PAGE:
An Experiment in Democracy

I have questions about the deeper workings of democracy, and I intend to find out.

How much of a difference can one person make?  Is democracy dead?  What can one achieve with citizen participation?  What size group constitutes a critical mass?  How does one run for office?  Are local/state/national politics too overwhelmed by establishment inertia and corporate money to affect change? How do we do this?  How will I be stymied as an out transwoman?  I want to know how possible it is to make one’s voice heard, and especially as a marked minority.

First off, I have to make everyone angry at me.  I’m an odd combination of cynic and optimist that comes from working with impoverished preschoolers.  I am utterly disgusted with the corporatization of the Democrats, rapidly losing faith in the wonderful platform and political ineffectiveness of the Green Party, and desperately hoping that this moment of political awakening can make a difference.  Can we?  I hope so, and I intend on finding out.

Although I am an unabashed progressive, I have decided to enter the Democratic Party.  My goal is not to serve them, but to nudge them to the left.  If such a thing is possible.  The progressives in my area are a bit jaded about working with Democrats, saying that they are a monolith of control with their own agenda.  I know progressives have been blocked and stymied by the local Democratic Party in the past, and I suspect they are right.  However, after some thirty years, the Green Party has failed to achieve much or grow. Under a political climate rigged against third-party participation, it seems unlikely that they will gain much direct influence in the future, regardless of how right they are on so many issues.

This leaves the Democrats.  Unfortunately, triangulation has left us with a Democratic Party which is beholden to Wall Street and the ‘Third Way,’ basically taking stances that are socially liberal when convenient, but corporate-friendly all the way down.  There is a not-so-quiet battle going on in the party about whether to continue sucking at the corporate teat or whether to actually respond to the economic needs of working-class and middle-class citizens, as well as being culturally progressive.  I am in the latter group, and am hoping there are enough of us to finally make a difference.  I’m skeptical, but I want to find out.

Over the next few months, years, etc – this is a decidedly long-term project – I plan on insinuating myself into local and state politics at deeper levels than just activism and phone calls.  These will certainly continue!  But I want to know what it looks like behind the scenes.  I will be lobbying in the state capitol, getting active in local politics.  I will sit in town committees, help others run for office, and possibly run, myself.  I will try to get active in the DNC to see how policy is decided at that level.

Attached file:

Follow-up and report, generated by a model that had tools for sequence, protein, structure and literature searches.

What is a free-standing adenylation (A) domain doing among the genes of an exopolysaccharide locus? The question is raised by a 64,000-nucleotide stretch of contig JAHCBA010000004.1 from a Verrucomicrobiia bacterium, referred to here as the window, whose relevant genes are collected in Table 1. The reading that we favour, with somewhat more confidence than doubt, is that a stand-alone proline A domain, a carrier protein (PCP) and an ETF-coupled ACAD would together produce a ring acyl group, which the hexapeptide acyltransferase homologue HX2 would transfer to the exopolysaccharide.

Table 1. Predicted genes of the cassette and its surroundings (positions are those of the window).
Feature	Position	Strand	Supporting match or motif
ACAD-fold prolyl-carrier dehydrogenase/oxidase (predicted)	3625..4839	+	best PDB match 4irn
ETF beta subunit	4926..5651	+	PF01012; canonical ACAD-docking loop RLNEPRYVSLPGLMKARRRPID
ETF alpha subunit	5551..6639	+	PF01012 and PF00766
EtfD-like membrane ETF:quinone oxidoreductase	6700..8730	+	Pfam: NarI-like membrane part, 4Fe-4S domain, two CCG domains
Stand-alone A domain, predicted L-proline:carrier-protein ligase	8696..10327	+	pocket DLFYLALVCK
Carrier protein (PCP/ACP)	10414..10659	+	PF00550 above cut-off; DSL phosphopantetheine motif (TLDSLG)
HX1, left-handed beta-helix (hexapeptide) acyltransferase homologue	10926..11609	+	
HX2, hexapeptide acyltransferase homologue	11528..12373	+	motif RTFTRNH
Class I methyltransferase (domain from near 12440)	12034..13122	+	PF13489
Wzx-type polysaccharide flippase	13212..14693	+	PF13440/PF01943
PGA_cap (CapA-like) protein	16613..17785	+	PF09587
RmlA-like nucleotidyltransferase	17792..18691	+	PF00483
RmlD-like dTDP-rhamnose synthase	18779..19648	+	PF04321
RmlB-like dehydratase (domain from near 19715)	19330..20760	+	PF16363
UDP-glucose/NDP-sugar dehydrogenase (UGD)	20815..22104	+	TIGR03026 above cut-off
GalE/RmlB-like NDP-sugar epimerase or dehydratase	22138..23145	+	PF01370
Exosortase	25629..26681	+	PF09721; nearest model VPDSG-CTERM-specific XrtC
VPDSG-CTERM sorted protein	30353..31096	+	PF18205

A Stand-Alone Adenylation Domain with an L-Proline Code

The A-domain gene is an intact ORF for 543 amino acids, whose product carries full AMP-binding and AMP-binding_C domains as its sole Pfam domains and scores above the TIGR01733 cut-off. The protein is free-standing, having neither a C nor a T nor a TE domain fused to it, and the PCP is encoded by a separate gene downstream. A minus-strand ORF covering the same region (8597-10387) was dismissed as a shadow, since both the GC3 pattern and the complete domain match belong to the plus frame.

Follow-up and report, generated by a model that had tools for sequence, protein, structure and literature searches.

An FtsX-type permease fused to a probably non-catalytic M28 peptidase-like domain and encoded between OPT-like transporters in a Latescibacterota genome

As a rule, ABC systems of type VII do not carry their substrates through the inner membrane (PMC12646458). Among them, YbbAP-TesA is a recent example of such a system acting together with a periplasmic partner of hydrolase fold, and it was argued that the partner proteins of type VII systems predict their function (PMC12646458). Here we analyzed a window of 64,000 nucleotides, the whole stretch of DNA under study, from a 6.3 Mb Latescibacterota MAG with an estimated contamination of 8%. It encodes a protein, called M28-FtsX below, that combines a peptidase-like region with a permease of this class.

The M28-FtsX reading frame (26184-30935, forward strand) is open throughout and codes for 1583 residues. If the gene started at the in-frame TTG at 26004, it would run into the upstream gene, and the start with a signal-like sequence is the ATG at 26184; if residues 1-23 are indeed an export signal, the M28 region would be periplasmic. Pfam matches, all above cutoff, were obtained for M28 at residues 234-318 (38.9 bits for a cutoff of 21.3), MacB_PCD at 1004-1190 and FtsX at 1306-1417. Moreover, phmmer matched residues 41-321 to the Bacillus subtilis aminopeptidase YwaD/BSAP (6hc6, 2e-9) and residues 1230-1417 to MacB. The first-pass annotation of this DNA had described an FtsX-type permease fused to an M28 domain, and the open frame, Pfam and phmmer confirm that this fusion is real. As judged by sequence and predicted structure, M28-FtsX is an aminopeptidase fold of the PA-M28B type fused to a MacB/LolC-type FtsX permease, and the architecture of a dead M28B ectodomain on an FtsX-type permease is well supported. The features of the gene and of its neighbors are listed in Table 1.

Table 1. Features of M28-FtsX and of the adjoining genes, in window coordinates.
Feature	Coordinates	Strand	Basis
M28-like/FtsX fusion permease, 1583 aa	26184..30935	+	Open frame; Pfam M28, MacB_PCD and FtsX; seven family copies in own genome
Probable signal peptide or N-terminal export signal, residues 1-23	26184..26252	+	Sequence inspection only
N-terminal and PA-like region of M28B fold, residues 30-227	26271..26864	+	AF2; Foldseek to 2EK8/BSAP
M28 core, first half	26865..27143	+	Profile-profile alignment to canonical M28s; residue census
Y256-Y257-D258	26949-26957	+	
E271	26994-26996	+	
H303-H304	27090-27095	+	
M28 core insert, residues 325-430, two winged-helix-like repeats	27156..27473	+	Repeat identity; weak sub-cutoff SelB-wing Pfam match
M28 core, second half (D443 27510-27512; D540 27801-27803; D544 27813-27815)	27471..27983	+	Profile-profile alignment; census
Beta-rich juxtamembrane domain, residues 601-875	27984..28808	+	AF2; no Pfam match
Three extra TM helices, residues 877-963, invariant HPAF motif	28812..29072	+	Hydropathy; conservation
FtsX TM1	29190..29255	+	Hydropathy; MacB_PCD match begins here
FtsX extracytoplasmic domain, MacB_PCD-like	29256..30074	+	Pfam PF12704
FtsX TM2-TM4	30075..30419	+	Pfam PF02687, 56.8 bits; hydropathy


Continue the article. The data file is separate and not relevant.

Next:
The first thing I’ve noticed are the obstacles.  It’s hard to figure out where to go to find out this information.  Many people directed me to the town website to sign up for committees, for example, but when I did so, all I could find were dates, not how to join.  I will be attending an energy commission meeting tonight to see if I can find out more.  In a somewhat opaque system, the first question is, how do I find out where to go next?  All I have is persistence, time, and a passion to make a difference.  Let’s see how far that takes me.

Some of these goals, I’ve done before.  I’ve done a little lobbying at the state level.  I’ve gone to a town meeting or two.  Now, I’m hoping to ramp it up.

Yes, I am hoping to #resist the current regime.  My big goal is, and always has been, to shift the conversation to the left.  In my mind, this means dragging the Democrats, kicking and screaming, if necessary, along with me.  I believe the numbers show the public is ready for such a political revolution – although ‘liberal’ is a dirty word, most people in the U.S. actually support liberal causes when broken down by issue.  Single-payer health care, equal rights for minorities, breaking up the big banks, real action against anthropomorphic climate disruption are all big issues supported by a majority of citizens of the U.S.  Trust me, when more people support bathroom access for transsexuals than are against it, the public is ready for everything else.

Yes, I am tilting at windmills, and I make no apologies for doing so.  Honestly, I can’t seem to stop myself if I tried.  If there has been a losing cause, I have probably supported it and worked for it at one point or another.  From divestment from South Africa, to anti-war efforts, marriage equality and transgender rights (state level both), environmental issues and union work, I have been there, championing the right as I see it.

Here’s the dirty little secret about losing causes, however: when you stick with them, they become winning causes.

Stay active!


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